Artist. He was an innovative and prolific French painter best known as the leader and unswerving advocate of the Impressionist school of painting. One of his pictures, “Impression: Sunrise” (Musée Marmottan, Paris; 1872), gave the group its name. Born in Paris, his youth was spent in Le Havre, where he first excelled as a caricaturist but was then converted to landscape painting by his early mentor Eugène Boudin, from whom he derived his firm predilection for painting out of doors. In 1859 he studied in Paris at the Atelier Suisse and formed a friendship with Camille Pissarro. After two years' military service in Algiers, he returned to Le Havre and met Johan Barthold Jongkind, to whom he said he owed `the definitive education of my eye'. He then, in 1862, entered the studio of Gleyre in Paris and there met artists Pierre-Auguste Renoir, Alfred Sisley, and Frédéric Bazille, with whom he was to form the nucleus of the Impressionist group. Monet's devotion to painting out of doors is illustrated by the famous story concerning one of his most ambitious early works, “Women in the Garden” (Musée d'Orsay, Paris; 1866-67). The picture is about 2.5 meters high and to enable him to paint all of it outside he had a trench dug in the garden so that the canvas could be raised or lowered by pulleys to the height he required. Painter Gustave Courbet visited him when he was working on it and said Monet would not paint even the leaves in the background unless the lighting conditions were exactly right. During the Franco-Prussian War (1870 to 1871) he took refuge in England with Pissarro: he studied the work of John Constable and J. M. W. Turner, painted the Thames and London parks, and met the dealer Paul Durand-Ruel, who was to become one of the great champions of the Impressionists, and also facilitated the exhibition and sale of their works. From 1871 to 1878 Monet lived at Argenteuil, a village on the Seine near Paris, and here were painted some of the most joyous and famous works of the Impressionist movement, not only by Monet, but by his visitors Manet, Renoir and Sisley. In 1878 he moved to Vétheuil and in 1883 he settled at Giverny, also on the Seine, but about 40 miles from Paris. By 1890 he was successful enough to buy the house at Giverny he had previously rented and in 1892 he married his mistress. Starting in 1890 he concentrated on series of pictures in which he painted the same subject at different times of the day in different lights --- “Haystacks” (1890-91) and “Rouen Cathedral” (1891-95) are the best examples known. He continued to travel widely, visiting London and Venice several times (and also Norway as a guest of Queen Christiana), but increasingly his attention was focused on the celebrated aquatic garden he created at Giverny, which served as the theme for the series of 12 large paintings “The Water-lilies” that began in 1899 and grew to dominate his work completely (in 1914 he had a special studio built on the grounds of his house so he could work on the huge canvases). Following the signing of the Armistice, Monet offered to donate them to France. These paintings were installed in an architectural space designed specifically for them at the museum of the Orangerie in Paris. In his final years he was afflicted with cataracts and lung cancer, but he painted until the end. Claude Monet died at his home in Giverny, France in 1926 at the age of 86. Georges Clémenceau, the former President of France, attended his funeral. He was enormously prolific and many major galleries have examples of his work.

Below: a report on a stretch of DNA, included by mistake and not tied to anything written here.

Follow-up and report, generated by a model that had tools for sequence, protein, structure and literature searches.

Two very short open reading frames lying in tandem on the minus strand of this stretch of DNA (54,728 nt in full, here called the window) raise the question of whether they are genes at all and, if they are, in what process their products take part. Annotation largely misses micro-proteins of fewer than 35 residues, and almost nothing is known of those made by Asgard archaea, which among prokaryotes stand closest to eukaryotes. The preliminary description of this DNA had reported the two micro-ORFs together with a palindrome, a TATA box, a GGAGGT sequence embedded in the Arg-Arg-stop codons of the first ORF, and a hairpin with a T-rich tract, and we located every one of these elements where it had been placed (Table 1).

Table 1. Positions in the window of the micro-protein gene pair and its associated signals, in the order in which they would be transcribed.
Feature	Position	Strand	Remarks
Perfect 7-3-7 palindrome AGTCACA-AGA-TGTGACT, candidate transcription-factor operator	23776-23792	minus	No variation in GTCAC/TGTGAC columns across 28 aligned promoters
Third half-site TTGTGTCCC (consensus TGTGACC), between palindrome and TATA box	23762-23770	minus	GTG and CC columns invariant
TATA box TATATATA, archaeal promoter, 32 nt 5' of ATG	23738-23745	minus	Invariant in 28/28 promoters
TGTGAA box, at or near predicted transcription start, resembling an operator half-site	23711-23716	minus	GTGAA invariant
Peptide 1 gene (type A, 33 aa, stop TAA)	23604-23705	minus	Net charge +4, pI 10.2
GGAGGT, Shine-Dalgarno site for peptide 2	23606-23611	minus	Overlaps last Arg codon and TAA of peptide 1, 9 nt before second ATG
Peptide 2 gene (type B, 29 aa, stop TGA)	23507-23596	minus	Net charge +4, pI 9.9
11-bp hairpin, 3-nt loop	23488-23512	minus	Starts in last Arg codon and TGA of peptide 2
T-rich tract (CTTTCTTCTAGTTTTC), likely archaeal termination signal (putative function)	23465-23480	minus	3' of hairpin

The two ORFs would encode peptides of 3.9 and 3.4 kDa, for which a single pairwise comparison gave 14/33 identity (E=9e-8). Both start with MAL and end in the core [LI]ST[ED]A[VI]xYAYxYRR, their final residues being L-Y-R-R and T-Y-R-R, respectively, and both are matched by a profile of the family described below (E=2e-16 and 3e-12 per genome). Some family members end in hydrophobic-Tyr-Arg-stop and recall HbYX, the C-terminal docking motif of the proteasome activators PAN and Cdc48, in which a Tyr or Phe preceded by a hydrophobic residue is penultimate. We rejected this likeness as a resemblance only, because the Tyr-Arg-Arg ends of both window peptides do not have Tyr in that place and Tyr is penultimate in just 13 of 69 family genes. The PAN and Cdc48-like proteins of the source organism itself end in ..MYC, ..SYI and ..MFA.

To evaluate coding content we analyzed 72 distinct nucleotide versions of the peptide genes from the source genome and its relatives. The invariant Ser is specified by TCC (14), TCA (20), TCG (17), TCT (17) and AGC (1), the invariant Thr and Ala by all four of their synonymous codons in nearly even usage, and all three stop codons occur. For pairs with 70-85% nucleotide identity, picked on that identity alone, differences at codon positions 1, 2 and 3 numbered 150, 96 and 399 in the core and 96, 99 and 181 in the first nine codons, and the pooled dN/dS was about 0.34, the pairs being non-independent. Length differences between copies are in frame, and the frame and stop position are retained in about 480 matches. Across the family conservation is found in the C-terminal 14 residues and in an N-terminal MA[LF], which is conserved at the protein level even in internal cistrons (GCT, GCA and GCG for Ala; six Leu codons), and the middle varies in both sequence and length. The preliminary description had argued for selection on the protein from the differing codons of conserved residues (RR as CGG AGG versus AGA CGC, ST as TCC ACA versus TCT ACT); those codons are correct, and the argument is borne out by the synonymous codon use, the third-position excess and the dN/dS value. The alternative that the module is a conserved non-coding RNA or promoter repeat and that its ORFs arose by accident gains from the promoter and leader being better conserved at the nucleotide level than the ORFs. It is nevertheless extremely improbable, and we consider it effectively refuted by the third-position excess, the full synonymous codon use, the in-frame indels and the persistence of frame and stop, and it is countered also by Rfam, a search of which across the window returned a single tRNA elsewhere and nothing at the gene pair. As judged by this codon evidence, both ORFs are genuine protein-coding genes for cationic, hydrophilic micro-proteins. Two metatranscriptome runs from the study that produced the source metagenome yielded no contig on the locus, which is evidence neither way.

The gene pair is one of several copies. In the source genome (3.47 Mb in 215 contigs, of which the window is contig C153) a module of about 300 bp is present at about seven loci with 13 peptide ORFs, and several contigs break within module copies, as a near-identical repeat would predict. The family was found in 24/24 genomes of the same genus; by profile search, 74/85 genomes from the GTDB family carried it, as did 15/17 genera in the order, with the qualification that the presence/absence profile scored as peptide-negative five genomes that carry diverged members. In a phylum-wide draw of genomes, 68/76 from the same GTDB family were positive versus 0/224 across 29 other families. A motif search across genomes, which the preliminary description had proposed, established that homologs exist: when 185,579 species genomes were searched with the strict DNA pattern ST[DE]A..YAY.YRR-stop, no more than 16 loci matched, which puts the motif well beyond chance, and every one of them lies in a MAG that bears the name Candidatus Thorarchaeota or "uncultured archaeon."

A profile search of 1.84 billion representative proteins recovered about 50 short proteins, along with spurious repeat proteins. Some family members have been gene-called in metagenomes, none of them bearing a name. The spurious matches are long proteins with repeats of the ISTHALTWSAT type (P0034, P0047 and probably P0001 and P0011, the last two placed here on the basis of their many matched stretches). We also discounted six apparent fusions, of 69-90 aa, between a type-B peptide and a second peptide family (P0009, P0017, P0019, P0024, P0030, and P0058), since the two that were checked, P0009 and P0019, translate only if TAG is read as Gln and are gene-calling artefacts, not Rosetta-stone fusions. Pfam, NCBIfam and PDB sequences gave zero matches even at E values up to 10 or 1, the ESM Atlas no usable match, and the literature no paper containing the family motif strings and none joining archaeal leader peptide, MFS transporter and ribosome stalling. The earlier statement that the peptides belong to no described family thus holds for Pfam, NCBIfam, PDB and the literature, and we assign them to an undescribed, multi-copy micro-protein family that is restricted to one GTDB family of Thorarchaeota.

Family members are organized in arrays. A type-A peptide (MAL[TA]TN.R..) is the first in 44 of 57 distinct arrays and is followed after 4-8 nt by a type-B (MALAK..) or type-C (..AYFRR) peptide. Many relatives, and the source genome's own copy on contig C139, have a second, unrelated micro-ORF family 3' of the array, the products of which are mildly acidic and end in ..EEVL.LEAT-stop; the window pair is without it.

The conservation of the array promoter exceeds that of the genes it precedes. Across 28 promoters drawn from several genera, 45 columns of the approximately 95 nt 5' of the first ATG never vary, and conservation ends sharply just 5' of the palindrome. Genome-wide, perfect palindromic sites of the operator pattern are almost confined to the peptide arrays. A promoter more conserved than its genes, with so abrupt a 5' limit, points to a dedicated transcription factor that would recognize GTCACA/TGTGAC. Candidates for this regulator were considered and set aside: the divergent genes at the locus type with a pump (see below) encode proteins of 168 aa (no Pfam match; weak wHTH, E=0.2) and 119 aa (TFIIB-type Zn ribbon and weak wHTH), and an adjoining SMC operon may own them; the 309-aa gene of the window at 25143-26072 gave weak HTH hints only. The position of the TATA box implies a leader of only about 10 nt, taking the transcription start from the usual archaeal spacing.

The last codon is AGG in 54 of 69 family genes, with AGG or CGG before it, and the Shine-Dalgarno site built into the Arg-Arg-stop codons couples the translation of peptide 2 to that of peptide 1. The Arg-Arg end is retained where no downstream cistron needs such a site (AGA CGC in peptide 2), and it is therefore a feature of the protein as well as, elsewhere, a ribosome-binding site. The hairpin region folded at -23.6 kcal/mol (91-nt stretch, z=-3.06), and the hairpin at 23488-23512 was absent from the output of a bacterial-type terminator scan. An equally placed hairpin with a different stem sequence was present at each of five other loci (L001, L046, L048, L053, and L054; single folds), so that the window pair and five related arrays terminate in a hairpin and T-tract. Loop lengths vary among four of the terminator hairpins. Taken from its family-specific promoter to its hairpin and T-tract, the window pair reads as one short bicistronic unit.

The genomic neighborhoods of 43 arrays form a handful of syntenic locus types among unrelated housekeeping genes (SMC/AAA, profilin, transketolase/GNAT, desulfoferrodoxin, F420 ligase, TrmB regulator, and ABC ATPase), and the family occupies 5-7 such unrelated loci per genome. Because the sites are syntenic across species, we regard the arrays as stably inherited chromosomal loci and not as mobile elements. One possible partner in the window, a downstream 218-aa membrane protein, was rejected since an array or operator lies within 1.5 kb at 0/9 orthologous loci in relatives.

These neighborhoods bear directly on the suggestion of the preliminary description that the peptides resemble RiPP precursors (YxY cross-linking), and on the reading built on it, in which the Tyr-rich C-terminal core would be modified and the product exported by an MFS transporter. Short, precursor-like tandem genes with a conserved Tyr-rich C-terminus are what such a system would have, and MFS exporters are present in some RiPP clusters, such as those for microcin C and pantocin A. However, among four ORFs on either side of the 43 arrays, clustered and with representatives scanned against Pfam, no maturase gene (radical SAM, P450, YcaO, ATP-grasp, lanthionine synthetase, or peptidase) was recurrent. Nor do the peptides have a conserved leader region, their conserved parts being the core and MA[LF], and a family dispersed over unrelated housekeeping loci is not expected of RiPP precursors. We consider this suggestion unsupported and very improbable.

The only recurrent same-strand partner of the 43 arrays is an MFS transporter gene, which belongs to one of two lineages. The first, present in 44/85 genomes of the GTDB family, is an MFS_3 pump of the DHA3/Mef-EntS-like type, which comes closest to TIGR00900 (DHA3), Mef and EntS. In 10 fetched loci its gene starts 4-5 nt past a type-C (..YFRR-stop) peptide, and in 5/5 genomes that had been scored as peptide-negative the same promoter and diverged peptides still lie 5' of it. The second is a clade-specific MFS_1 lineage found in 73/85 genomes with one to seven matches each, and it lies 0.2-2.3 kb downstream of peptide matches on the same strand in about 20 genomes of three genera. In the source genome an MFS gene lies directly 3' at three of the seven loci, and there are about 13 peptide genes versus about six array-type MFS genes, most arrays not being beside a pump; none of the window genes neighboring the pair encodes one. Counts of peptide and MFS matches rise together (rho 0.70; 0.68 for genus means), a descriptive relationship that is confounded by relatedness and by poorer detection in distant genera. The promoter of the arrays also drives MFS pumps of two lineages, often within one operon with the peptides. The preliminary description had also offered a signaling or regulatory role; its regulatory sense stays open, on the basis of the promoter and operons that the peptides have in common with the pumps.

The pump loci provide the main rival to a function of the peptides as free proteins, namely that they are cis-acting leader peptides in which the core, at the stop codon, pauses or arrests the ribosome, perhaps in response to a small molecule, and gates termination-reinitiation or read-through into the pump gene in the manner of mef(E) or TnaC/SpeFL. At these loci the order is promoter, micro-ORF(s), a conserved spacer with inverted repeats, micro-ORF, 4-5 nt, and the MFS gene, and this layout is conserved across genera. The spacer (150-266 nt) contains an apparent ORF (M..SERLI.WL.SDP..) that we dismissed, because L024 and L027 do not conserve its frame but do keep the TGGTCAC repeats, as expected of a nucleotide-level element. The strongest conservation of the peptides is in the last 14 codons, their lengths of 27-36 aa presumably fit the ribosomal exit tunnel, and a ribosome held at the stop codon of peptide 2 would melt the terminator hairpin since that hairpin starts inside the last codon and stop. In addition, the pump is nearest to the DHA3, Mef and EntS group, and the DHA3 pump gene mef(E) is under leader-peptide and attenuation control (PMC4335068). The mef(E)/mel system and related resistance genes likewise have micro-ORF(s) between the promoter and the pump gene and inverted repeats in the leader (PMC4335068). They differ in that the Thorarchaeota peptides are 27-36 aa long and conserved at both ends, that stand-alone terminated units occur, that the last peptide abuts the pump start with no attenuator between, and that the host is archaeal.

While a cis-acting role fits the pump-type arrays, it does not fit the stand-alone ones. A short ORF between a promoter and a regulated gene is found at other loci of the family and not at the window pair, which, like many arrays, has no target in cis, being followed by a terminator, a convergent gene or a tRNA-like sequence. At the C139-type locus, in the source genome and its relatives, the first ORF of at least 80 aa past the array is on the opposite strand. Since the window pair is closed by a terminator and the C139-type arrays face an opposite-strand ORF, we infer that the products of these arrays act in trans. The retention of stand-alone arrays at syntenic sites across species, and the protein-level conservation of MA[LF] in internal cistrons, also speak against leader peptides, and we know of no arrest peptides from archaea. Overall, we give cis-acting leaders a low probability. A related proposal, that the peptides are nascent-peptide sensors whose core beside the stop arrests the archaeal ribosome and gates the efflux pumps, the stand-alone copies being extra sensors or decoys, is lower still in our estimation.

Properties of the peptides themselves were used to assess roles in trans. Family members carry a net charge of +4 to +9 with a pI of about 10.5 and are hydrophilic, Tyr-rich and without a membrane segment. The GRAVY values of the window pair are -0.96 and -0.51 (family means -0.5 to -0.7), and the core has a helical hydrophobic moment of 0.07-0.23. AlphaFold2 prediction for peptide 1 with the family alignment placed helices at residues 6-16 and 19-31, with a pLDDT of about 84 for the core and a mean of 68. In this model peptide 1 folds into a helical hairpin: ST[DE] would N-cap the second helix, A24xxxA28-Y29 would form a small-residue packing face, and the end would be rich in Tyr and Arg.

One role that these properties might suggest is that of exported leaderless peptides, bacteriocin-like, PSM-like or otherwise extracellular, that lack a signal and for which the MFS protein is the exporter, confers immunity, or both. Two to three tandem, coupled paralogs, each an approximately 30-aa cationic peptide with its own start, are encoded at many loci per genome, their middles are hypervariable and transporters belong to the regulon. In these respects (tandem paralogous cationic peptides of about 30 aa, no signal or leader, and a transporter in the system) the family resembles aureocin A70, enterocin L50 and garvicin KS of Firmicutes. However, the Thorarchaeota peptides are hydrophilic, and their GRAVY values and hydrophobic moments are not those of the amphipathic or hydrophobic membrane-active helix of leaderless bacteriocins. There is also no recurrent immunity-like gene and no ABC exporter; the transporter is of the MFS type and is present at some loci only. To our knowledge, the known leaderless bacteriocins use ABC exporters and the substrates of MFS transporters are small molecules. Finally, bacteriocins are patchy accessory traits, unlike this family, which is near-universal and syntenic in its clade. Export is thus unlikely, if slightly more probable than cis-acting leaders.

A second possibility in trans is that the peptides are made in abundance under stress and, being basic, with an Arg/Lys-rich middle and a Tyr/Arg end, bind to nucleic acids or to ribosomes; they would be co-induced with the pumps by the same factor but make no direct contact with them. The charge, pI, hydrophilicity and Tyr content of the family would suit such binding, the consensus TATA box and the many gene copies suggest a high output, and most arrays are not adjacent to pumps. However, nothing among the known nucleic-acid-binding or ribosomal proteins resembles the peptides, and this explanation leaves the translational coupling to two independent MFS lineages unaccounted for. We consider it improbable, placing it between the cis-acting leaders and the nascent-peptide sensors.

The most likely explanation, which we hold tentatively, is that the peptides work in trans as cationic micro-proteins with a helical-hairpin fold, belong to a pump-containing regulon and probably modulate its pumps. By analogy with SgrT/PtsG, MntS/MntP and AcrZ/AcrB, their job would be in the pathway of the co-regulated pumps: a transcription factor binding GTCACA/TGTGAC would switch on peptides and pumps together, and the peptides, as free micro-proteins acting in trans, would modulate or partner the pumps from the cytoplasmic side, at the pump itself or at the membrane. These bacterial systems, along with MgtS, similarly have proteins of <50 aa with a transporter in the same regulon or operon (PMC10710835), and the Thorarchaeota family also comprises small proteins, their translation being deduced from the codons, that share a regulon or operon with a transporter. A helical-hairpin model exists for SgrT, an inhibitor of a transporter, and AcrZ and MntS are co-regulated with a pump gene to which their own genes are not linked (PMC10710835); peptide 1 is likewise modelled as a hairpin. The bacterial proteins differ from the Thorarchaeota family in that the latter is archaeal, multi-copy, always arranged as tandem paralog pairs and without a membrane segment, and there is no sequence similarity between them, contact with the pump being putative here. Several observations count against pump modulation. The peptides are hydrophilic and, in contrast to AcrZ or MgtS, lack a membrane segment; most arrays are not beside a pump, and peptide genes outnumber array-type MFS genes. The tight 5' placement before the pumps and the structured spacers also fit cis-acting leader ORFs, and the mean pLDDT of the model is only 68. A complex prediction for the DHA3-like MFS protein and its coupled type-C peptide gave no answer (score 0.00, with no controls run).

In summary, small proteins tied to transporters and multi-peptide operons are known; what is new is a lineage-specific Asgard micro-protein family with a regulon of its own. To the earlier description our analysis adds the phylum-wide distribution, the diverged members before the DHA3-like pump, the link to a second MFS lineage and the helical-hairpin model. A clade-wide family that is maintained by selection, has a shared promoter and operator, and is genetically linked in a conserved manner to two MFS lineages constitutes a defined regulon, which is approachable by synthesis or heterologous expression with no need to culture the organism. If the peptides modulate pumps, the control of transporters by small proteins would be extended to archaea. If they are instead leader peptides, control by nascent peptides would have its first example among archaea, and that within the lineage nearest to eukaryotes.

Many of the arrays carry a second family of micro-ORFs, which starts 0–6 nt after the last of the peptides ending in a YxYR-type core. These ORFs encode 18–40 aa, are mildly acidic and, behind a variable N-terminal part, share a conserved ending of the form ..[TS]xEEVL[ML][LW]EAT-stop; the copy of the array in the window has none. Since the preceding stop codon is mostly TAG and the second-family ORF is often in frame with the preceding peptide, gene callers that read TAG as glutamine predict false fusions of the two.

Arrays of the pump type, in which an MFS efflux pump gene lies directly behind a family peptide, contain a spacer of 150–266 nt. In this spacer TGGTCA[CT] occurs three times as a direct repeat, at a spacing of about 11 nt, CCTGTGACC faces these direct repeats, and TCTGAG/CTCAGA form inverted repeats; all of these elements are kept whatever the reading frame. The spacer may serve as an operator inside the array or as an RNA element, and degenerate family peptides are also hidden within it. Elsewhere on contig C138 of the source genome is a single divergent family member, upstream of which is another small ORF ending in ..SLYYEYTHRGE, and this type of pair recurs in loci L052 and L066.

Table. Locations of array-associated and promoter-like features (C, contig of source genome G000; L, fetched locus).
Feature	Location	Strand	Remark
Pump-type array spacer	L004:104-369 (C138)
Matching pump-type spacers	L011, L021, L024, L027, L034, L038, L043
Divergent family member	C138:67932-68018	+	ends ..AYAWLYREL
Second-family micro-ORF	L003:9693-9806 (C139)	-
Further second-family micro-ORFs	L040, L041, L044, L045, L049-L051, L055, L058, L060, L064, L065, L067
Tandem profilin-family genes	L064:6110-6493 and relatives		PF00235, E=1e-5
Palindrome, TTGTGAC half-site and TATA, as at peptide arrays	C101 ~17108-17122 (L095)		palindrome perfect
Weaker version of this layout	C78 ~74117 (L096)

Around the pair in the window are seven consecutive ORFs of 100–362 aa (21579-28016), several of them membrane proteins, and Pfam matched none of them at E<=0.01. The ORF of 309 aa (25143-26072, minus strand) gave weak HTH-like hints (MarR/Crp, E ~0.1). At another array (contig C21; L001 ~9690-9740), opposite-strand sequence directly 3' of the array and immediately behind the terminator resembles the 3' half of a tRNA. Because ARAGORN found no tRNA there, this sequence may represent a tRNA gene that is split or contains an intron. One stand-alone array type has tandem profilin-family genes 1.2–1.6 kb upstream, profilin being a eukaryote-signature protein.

Bio by: Edward Parsons
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